les Nouvelles - September 2012

  • les Nouvelles - September 2012 - Full Issue
  • PDF, 2.94 MB
  • Simplicity In Global IP Valuation-Global Technology Impact Forum
  • Weston Anson and Brian Buss
    The Global Technology Impact Forum (GTIF), created by WIPO (the World Intellectual Property Organization) and LESI (The Licensing Executive’s Society International), held their inaugural event in Geneva Switzerland this past January 2012.
    PDF, 262.46 KB
  • Comparison Of Risk-Adjusted Returns On Investment In Reasonable Royalty Analysis
  • Stevan Porter and Michelle Rakiec
    At its most basic, a reasonable royalty analysis begins with one simple question: How much better off is the accused infringer for using the patented technology? Perhaps due to their directness in addressing that issue, the “analytical approach” and variant techniques have been attractive methods in reasonable royalty inquiries for some time.
    PDF, 329.84 KB
  • The 25% Rule Revisited And A New Investment-Based Method For Determining FRAND Licensing Royalties
  • Ove Granstrand and Marcus Holgersson
    This paper starts with briefly discussing the 25% rule and the argumentation for and against it. The paper continues with developing a new investment-based method for determining FRAND licensing royalties, a method not only applicable to one-to-one bilateral licensing deals but also to multilateral deals with multiple license sellers and multiple license buyers. The paper ends with discussing limitations and generalizations, opening up for further research.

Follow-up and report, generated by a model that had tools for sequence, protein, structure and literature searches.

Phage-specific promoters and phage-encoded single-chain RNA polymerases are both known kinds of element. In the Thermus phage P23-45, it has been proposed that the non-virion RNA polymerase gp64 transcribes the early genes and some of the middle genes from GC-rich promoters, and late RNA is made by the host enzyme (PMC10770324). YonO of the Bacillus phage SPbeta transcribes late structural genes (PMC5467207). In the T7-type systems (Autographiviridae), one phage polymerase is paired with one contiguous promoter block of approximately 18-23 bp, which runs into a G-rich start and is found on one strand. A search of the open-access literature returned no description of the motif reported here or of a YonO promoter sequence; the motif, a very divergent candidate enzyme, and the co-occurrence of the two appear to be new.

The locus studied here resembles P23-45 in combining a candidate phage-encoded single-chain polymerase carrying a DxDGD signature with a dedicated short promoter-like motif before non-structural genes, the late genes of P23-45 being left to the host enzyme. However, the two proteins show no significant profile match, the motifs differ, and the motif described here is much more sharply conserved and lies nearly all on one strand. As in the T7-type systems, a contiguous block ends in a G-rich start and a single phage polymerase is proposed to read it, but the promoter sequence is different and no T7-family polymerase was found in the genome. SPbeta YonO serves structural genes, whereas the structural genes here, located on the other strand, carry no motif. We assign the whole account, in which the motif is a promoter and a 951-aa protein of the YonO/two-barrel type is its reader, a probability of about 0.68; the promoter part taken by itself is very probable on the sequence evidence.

PDF, 588.24 KB
  • Routes-To-Market: A Flexible Approach To Technology Transfer
  • Andy Chilton
    The typical model followed by many TTOs (technology transfer offices), and, indeed, Floralis, sees the Technology Transfer Manager identify potential prospects interested in a license agreement, negotiate, and draw up agreements which will see revenues shared between the inventive source, developer and sometimes the technology transfer intermediary.
    PDF, 226.06 KB
  • How To Determine Fair License Terms: No Need For Rules Of Thumb Anymore
  • Ralph Villiger